New Hampshire Climber Rescued After Suffering Severe Leg Injury in Fall

by Lauren Boisvert
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(Image Credit: Paolo Sarton/Getty Images)

On Thursday, Sept. 29, a New Jersey man who was rock climbing in New Hampshire had to be rescued after he fell and injured his leg. 36-year-old Shaun Pickington of Glassboro, NJ was climbing Whitehorse Ledge in Echo Lake State Park with his wife. He fell 8 feet and severely injured his lower leg. Luckily, he had maintained gear that prevented a longer fall, according to a report from FOX 23 out of Portland, Maine.

Rescue crews brought Pickington down from the ledge safely, then took him to a nearby hospital. New Hampshire Fish and Game reported that Pickington experienced “excessive rope drag” which caused his fall, as well as a lack of familiarity with the often dangerous Whitehorse Ledge route.

Whitehorse Ledge is home to many different climbing styles for a variety of skill levels. It is a huge looming piece of granite that rises over Echo Lake State Park and the town of North Conway. Its elevation is 817 feet, with many different slab routes, such as Standard Route, which is what Pickington was climbing. Whitehorse Ledge gets progressively steeper as you move south to the South Buttress, which is home to both short crack climbs and longer, smooth slabs. Whitehorse Ledge has a ton of variety, but it’s best to get familiar with the routes or climb with a Whitehorse expert for your first time.

A Climber Falls in New Hampshire, While in Colorado a Hiker Gets Lost At Night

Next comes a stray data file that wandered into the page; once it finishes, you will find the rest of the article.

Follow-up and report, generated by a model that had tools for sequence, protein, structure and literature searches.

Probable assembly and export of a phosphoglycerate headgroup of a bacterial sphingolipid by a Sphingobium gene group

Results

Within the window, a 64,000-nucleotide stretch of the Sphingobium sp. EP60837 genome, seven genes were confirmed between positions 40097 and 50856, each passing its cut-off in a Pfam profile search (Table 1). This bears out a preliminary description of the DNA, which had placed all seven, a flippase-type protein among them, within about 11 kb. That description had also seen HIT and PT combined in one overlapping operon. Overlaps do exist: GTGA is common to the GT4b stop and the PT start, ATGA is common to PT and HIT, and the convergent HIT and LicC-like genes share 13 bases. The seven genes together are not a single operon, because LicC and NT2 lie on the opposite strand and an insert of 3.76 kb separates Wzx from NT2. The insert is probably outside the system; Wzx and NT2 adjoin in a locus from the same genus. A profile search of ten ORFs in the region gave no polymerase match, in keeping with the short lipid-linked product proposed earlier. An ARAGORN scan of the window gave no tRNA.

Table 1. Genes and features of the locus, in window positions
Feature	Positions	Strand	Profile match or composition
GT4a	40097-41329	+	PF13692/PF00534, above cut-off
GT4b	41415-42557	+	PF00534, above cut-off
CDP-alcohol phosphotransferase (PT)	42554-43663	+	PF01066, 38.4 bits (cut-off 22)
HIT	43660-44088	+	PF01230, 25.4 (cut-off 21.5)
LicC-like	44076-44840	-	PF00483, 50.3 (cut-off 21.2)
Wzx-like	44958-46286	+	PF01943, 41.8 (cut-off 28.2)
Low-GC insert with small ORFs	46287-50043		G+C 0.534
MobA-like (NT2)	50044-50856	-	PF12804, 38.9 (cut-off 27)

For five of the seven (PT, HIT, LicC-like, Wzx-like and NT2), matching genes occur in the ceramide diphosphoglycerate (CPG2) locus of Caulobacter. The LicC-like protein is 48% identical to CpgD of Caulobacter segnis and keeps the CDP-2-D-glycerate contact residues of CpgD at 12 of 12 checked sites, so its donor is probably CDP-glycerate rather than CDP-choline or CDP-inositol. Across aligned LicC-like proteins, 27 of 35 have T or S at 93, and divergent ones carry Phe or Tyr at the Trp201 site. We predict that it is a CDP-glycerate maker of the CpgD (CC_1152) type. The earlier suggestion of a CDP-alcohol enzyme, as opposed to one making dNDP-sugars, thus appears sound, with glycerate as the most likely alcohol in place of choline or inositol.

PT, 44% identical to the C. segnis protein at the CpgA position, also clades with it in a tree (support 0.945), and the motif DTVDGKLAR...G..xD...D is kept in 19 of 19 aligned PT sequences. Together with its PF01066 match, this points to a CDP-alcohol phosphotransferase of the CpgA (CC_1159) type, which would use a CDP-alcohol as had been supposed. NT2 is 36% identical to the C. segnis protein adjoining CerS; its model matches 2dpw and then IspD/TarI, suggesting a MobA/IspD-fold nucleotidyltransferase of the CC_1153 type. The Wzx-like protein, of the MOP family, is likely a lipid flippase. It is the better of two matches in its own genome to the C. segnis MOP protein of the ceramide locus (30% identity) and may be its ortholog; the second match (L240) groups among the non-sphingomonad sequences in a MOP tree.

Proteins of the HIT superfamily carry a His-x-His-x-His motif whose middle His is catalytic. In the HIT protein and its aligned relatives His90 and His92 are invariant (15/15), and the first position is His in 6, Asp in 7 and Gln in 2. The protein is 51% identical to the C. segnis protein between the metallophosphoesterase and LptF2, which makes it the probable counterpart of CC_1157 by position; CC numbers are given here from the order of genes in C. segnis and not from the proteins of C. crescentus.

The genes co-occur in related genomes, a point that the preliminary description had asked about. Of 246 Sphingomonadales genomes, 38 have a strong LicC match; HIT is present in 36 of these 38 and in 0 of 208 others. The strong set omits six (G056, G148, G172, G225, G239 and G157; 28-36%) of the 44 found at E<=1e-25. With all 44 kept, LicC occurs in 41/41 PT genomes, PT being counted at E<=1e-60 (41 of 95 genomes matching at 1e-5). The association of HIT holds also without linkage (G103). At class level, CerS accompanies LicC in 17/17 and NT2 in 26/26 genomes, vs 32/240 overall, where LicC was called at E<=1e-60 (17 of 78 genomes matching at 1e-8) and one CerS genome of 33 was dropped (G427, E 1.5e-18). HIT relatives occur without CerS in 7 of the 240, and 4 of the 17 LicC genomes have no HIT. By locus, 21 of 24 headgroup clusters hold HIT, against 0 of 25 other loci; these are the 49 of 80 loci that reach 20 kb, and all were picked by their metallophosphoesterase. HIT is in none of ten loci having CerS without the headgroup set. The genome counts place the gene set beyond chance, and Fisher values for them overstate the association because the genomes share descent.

On Sept. 23, Chaffee County, Colorado Search and Rescue got a call from a stranded hiker at around almost 8:00 pm. The hiker estimated that he was about 250 feet above Mount Princeton Trail. Apparently, he wandered off the trail in the dark. The Search and Rescue crew reported the incident on Facebook. They claimed that the hiker was surrounded by “loose and steep” terrain.

“He reported that he had gotten off route while descending from the saddle, and quickly became uncomfortable with the terrain,” rescuers wrote on social media. “Additionally, his headlamp was not providing enough light for him to safely move any further.”

Search and Rescue was luckily able to pinpoint the hiker’s location using the GPS signal from his 911 call. A crew of 7 rescuers left to climb the trail, and the hiker was told to wait for their arrival. Due to the dangerous terrain, moving in the dark could have been deadly.

Not only was the terrain difficult but the hiker was also stranded at 12,600 feet elevation. The rescue was not an easy one. The crew went in on foot. Six of the rescuers waited on the trail while one climbed 250 feet to the hiker’s location. When they finally found their subject, he was freezing after the unexpected night hike. Search and Rescue gave him a headlamp to light his way, then guided him back down the trail to safety. He was uninjured, but most likely shaken up from the ordeal.

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